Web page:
From its origins on campus in the late nineteenth century, football at Historically Black Colleges and Universities has held a central place in the African American sporting experience, in the landscape of Black higher education, and in the broader African American community.
During the era of Jim Crow segregation, the vast majority of African American college students and student athletes attended HBCUs. Over the first half of the twentieth century, many of the yearly gridiron contests between rival HBCUs developed into highly anticipated annual events that combined football with larger celebrations of African American achievement and excellence. The yearly games brought together members of the African American community and came to include a wide range of associated events including dances, parades, musical shows, fundraising drives, and other festivities.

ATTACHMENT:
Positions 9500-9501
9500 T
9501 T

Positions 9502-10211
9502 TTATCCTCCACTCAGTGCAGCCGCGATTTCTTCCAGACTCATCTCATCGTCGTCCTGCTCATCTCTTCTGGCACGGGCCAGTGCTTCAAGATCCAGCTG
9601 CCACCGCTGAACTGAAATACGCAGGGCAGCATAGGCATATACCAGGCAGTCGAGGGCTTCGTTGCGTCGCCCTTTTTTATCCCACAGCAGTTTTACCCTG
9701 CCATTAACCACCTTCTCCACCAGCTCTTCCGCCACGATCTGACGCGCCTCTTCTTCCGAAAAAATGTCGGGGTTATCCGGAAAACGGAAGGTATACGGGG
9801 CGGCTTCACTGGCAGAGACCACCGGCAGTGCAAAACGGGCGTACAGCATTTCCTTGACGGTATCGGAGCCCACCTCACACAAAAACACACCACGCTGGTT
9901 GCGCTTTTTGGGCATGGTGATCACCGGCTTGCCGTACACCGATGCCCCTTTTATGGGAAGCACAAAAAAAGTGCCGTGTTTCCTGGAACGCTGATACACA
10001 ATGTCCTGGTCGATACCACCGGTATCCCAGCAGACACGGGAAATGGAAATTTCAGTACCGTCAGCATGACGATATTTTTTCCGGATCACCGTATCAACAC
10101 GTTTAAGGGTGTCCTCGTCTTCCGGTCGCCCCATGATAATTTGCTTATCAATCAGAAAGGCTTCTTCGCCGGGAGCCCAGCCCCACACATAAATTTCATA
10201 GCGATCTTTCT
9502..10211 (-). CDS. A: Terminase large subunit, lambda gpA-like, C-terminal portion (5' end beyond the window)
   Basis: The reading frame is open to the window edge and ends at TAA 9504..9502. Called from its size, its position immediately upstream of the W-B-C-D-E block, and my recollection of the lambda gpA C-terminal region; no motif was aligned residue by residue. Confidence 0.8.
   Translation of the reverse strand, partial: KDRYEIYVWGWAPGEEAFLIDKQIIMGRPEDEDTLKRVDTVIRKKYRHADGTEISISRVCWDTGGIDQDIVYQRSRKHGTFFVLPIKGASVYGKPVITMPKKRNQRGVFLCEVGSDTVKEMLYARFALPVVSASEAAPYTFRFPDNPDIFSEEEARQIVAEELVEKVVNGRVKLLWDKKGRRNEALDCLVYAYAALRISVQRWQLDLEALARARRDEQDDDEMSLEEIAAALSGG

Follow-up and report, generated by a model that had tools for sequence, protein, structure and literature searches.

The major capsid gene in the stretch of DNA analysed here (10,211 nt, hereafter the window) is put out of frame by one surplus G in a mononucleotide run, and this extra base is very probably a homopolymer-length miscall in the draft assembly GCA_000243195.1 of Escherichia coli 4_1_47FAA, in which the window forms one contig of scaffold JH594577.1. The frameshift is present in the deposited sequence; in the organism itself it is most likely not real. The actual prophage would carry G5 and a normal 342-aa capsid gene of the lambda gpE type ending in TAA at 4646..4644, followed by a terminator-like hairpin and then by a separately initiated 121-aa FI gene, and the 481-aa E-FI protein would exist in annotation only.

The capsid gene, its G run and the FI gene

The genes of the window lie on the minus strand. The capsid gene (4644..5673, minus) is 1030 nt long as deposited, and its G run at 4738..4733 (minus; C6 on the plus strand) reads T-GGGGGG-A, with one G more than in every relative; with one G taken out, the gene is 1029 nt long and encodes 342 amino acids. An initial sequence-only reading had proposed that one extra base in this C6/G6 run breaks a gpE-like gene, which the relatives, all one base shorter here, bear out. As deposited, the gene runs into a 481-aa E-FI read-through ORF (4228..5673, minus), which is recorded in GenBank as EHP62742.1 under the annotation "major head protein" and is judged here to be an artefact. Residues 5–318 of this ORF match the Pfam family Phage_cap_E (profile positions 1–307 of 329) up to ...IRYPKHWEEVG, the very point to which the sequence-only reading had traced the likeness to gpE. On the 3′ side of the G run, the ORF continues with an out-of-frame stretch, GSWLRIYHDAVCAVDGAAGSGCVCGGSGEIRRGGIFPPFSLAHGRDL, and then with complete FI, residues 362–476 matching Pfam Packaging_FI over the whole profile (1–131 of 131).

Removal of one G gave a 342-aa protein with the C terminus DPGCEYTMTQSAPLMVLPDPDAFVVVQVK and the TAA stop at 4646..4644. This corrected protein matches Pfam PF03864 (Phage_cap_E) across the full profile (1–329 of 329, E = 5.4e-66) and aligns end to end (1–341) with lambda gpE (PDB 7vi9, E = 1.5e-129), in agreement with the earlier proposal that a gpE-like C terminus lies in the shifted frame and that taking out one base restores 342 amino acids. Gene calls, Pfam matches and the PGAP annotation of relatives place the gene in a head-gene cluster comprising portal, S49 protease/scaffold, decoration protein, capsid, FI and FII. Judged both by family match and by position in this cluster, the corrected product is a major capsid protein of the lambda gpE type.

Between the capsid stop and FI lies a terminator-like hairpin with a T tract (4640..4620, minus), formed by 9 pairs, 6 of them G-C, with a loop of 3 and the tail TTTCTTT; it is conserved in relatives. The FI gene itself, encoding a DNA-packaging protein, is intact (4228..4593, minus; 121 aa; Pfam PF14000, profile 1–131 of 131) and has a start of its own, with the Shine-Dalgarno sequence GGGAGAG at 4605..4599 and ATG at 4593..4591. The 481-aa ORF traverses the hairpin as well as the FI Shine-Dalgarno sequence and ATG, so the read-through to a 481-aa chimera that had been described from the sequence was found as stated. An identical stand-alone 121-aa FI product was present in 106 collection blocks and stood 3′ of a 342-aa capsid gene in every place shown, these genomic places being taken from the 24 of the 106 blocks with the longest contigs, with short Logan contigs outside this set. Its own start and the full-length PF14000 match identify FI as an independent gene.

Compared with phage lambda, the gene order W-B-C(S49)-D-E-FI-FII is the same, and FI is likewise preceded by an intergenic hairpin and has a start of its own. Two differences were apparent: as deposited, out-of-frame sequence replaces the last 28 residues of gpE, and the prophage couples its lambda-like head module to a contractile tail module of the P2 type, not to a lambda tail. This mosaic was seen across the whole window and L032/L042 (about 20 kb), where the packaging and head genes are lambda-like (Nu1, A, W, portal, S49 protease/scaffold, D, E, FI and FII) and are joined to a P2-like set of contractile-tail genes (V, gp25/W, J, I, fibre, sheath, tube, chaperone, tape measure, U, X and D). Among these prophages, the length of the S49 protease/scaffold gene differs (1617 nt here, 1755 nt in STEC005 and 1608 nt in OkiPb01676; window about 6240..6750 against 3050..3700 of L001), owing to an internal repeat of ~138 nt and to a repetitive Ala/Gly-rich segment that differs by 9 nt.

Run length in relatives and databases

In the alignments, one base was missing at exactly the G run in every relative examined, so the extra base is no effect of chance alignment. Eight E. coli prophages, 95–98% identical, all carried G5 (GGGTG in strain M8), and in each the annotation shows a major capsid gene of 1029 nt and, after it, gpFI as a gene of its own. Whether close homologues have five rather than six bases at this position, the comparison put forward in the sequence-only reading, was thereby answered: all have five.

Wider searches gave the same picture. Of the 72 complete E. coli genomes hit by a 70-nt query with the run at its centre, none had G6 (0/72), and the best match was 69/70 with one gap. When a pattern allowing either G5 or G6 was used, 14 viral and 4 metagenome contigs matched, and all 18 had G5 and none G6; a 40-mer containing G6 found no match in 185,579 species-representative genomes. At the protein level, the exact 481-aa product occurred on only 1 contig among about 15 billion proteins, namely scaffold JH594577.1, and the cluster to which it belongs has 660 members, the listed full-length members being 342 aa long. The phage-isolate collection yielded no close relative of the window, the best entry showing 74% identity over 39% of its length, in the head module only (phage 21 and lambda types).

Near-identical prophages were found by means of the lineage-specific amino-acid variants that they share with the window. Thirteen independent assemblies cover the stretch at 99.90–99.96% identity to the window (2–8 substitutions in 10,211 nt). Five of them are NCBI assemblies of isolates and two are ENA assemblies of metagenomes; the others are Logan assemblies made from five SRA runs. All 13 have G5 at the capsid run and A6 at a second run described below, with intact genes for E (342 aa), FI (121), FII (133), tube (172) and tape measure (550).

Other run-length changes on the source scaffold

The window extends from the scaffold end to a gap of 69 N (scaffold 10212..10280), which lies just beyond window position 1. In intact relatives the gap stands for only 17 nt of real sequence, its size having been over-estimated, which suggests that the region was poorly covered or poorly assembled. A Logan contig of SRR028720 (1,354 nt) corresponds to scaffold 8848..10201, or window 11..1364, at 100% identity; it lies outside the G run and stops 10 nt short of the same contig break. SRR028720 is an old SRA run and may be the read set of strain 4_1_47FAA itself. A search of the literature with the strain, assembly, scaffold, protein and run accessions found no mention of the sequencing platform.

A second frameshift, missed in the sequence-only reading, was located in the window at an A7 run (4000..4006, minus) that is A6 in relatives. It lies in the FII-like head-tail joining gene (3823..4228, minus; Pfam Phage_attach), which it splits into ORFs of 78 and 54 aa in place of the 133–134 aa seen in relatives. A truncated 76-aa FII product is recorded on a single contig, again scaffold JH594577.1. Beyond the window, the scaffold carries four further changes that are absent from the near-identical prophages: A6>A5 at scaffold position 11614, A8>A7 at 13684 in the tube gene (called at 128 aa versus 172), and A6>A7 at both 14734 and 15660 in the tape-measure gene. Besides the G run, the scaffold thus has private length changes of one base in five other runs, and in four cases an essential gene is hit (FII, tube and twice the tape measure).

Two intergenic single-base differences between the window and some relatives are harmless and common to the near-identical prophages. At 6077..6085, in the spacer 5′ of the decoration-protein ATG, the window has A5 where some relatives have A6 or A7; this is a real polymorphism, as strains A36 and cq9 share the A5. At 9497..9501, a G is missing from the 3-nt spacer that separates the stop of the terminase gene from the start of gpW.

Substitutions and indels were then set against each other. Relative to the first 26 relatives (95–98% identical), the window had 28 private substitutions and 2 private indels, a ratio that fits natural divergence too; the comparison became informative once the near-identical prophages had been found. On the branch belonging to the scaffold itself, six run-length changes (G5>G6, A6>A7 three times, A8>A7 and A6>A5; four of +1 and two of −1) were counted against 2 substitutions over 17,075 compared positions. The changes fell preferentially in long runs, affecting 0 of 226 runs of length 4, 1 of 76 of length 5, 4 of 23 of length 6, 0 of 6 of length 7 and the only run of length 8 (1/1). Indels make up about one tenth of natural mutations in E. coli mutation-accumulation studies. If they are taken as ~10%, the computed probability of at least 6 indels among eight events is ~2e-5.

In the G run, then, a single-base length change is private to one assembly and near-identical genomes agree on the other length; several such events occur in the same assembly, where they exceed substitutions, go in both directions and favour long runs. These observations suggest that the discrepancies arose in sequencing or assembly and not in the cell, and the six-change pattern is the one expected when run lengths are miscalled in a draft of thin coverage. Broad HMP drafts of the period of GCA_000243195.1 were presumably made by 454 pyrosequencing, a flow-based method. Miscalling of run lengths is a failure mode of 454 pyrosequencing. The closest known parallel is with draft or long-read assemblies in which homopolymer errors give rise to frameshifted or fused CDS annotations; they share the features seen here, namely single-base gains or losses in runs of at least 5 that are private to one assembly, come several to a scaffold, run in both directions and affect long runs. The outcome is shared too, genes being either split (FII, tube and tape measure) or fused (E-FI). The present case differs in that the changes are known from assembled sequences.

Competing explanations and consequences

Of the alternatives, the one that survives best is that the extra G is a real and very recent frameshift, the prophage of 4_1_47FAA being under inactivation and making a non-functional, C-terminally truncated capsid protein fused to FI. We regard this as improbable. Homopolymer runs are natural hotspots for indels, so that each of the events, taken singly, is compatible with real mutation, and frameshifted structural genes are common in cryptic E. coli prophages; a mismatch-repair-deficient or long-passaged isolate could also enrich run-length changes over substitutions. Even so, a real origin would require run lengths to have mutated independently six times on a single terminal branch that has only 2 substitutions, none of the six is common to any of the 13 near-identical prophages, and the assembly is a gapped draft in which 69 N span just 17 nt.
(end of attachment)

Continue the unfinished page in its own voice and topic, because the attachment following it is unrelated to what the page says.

We are pleased to exhibit a selection of sources from the Joyce Sports Research Collection that preserve the history of HBCU football. The programs, media guides, ephemera, guidebooks, and other printed material on display document the athletic accomplishments, the celebrations, the spectacle, and the community-building that accompany football at Historically Black Colleges and Universities.
This exhibit is curated by Greg Bond, Curator of the Joyce Sports Research Collection and the Sports Subject Specialist for Hesburgh Libraries. This and other exhibits within the Hesburgh Libraries are generously supported by the McBrien Special Collections Endowment.
All exhibits are free and open to the public during business hours.
Open to Undergraduates, Graduate Students, Postdocs, Faculty, Staff, Public, Alumni, & Friends.